Key to the success of his business is his understanding of the ecosystem in which he lives. He works with schools and scholarships that advance STEM training for students as early as high school.  By maintaining long-term relationships with them, they become referral sources for future top-notch employee candidates as well as employees.

Unlike other companies that focus on transactions with clients rather than long-term relationships, his employees don’t leave after a few years. They stay to work on the long-term, challenging and exciting projects presented by great clients. Moreover, since the company views itself as a “Continuous Improvement Learning Organization” (CILO) – facilitating the professional growth of employees – they stay to use their new skills and experiences in new and often elevated working positions.  In other words, the company, which uses a Team of Teams organizational structure to foster creativity, agility, and teamwork enables its employees and clients to mutually reinforce long-term, professional growth through long-term relationships taking on more challenging jobs.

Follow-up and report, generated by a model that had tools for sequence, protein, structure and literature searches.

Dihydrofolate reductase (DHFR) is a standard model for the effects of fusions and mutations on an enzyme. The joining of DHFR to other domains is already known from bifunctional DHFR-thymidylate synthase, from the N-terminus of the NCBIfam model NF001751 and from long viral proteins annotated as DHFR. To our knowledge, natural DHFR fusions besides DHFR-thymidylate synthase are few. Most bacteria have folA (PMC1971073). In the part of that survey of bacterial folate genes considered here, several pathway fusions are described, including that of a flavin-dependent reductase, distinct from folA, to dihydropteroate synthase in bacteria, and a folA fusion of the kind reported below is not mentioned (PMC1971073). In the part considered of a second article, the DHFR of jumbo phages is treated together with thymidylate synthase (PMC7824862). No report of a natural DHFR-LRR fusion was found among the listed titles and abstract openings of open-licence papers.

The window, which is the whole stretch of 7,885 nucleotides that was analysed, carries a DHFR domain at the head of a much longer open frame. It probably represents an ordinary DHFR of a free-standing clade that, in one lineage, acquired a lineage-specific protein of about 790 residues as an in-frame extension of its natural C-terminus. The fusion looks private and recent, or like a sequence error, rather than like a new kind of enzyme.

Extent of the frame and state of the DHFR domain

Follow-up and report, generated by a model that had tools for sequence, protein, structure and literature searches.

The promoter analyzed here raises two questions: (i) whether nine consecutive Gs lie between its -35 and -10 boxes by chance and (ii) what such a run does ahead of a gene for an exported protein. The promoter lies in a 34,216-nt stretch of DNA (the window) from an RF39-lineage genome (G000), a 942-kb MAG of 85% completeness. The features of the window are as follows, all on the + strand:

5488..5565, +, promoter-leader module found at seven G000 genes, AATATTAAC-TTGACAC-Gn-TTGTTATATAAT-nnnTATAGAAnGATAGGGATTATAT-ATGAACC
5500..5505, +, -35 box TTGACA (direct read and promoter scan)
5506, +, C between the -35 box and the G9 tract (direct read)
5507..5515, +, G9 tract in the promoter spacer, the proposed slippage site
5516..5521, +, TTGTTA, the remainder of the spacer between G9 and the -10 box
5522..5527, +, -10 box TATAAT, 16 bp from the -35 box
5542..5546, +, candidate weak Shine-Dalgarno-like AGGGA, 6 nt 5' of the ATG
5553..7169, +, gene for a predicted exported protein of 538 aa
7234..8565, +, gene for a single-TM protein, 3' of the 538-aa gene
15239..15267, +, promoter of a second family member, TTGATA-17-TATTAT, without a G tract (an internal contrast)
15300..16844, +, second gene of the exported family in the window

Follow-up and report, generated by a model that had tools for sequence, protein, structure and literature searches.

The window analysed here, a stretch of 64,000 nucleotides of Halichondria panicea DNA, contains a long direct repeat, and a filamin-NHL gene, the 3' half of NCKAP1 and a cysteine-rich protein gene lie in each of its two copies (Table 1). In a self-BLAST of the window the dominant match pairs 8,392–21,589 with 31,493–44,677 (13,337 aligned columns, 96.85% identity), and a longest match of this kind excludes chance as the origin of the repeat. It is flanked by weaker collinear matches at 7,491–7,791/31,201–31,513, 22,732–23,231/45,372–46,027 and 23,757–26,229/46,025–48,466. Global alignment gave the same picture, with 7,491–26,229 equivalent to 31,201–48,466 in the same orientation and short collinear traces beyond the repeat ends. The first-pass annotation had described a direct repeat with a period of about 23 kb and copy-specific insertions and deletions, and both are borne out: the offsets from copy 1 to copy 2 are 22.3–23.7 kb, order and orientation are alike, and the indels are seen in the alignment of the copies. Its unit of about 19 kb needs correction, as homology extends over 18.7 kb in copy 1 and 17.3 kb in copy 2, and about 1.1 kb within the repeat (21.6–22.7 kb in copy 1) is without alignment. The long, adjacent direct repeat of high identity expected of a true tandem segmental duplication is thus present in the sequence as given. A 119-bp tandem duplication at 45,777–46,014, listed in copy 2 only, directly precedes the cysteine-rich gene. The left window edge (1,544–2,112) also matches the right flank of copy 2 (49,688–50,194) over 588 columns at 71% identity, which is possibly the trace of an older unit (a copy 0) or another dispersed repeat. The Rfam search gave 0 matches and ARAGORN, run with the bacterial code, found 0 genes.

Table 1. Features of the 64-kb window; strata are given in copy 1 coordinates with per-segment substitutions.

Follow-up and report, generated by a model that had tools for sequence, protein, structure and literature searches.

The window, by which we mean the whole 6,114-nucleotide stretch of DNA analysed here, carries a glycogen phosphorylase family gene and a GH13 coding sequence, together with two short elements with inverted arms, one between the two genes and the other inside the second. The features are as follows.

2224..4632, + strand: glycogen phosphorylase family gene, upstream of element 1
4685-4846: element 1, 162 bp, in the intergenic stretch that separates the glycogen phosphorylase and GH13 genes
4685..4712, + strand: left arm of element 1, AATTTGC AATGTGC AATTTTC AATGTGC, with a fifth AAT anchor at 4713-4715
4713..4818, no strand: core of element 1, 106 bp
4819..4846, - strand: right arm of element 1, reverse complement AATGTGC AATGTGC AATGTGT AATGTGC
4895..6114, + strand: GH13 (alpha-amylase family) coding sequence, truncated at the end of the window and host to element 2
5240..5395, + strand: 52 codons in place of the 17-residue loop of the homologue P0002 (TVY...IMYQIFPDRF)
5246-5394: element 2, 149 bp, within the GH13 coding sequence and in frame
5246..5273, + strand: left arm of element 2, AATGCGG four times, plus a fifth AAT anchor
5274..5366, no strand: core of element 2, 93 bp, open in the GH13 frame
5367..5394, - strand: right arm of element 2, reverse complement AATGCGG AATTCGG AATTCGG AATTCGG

In sum, there are many rewards to being a transformative leader and working with them. If you want to become one and/or improve at being one, let me know.  For instance, the transformational leaders with whom I work had the opportunity to learn from two experts at recent CEO Meetings. 

  • One is self-exploratory: “Your Extraordinary Why”. Who we are? What are we passionate about? What is it that we and our companies are uniquely gifted to accomplish?”    
  • The second is: “Action Dialogue: Piercing Conversation”. Since decision effectiveness dependent on information others provide to solve problems, how do we overcome their reluctance to speak candidly and directly about tough issues? The results can be information cover-up, distortion and misinformation. How do we facilitate honest, direct and authentic conversations?

Vistage AWorldwide, serves 23,000 CEOs in the US and 20 countries. If you want to learn about a local Board, email me (jerry.cahn@vistage.com) and I’ll make an introduction!